David Mitchell, as usual, wrote a very funny but also very wise column in the Observer yesterday about the Daily Mail’s ridiculous wheelie bin campaign, and about how our heightened sensitivity to injustices against us has overridden our sense of responsibility to society.
Our fear of being encroached upon has made us forget that there are few freedoms that can be fully exercised without impinging on someone else’s. The freedom to stab has long since been subordinated to the freedom not to be stabbed. But we still have the freedom not to recycle and to borrow or lend money recklessly, regardless of others’ freedom to live on a habitable planet and in a functional economy. We’ve hugely prioritised our rights over our duties because it’s only the former that tyrants try to take away.
A reader called Memoid posted a comment saying:
There’s not even been a hint of discussion about the right to have children yet, and that’s the debate we really need to have. And the world needs the vast majority of us to lose the debate.
He’s right, so let’s start the debate. There are 6.8 billion people on the planet. At the current rate, there will be 9.1 billion by 2050. Most of the increase will happen in developing countries, but even Britain’s population is expected to increase by 16 million in that time. And yet you rarely hear anyone talk about whether everyone can continue to have as many children as they like.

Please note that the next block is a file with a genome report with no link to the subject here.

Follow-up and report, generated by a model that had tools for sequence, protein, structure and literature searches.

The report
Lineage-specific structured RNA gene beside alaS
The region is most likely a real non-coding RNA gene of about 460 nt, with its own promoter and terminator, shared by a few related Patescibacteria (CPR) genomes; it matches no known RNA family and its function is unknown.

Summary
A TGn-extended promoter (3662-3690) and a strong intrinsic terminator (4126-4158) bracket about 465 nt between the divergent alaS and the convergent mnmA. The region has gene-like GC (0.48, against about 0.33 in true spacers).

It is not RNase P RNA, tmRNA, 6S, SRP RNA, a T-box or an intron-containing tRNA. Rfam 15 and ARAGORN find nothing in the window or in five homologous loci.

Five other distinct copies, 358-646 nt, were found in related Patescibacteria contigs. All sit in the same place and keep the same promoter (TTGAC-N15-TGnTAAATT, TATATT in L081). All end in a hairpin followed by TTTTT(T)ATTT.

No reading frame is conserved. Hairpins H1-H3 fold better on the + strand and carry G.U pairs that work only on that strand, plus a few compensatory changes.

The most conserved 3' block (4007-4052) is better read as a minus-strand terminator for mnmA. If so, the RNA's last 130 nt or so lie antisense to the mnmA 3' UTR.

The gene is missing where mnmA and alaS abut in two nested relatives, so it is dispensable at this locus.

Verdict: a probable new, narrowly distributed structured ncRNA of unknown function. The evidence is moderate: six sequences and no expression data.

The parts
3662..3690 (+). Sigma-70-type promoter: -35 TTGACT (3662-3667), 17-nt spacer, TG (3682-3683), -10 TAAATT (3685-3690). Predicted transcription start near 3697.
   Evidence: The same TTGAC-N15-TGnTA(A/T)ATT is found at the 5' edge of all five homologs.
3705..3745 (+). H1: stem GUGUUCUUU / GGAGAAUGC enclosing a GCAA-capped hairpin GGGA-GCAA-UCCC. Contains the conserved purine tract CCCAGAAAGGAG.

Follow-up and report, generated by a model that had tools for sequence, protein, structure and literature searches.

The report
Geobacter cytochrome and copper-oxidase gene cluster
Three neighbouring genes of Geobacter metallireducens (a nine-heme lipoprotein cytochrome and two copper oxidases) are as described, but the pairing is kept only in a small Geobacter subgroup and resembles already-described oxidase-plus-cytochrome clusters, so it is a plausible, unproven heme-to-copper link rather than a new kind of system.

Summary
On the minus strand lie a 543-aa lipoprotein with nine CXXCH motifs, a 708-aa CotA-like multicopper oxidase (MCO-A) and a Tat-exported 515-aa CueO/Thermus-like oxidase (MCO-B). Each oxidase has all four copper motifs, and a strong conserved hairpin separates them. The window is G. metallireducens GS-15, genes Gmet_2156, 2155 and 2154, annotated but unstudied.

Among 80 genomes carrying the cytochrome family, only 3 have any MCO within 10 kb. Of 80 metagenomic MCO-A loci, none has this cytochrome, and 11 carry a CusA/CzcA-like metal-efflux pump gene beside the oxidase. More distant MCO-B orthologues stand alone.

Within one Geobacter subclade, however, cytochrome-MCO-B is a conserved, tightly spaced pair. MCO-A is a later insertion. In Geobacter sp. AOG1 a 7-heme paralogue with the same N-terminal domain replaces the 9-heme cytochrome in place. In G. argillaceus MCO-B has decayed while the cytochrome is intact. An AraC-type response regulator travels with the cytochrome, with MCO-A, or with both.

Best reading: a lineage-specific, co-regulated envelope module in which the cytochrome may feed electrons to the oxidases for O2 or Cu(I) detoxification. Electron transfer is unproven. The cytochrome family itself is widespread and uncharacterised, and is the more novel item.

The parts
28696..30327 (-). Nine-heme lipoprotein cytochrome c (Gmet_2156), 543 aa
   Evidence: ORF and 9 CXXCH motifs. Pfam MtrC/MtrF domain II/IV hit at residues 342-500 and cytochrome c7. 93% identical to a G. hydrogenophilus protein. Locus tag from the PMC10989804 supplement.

The Earth simply cannot provide enough food, energy and resources for that many people. And just think about the impact on the climate. How can we expect to make dramatic cuts in our carbon emissions if our population continues to grow?
People need to see having lots of children as the environmental sin that it is. You can turn all your lights off, cycle to work and insulate your house but having kids makes you more of an eco-criminal than the childless bloke next door who drives a gas-guzzler and takes 10 flights a year.
The idea of limiting one’s procreative activities will be very difficult for many to accept, for Darwinian as well as societal reasons. Surely having children is the most sacred of all human rights? I’m not advocating any government intervention in how big a family people choose to have. But I think the public needs to be more aware of the seriousness of the environmental ramifications of having children. Perhaps then more people might realise that this is one instance when our duty to society should take precedence over exercising our rights.
The Optimum Population Trust, of which David Attenborough became patron in April, runs a ‘Stop At Two’ campaign, and has a pledge that you can sign on its website. The idea will still seem outrageous to some, but I think signing the pledge is an absolutely reasonable step towards remediating unsustainable population growth.
(Incidentally, even if you plan to stop at two, it doesn’t always work out that way. My Dad found this out the second time my mum got pregnant: the egg that became me wasn’t the only one that got fertilised. As a result, my mum got her wish for three kids.)
This is all very easy for me to say. I’m 22 and single, and the prospect of having children feels almost as remote to me as arthritis. It could well be that in 10 years’ time I’ll turn out to be a massive hypocrite with three kids. But I hope, for everyone’s sake, that I will be able to restrain my reproductive urges in light of the bald truth: there are too many people on the planet already.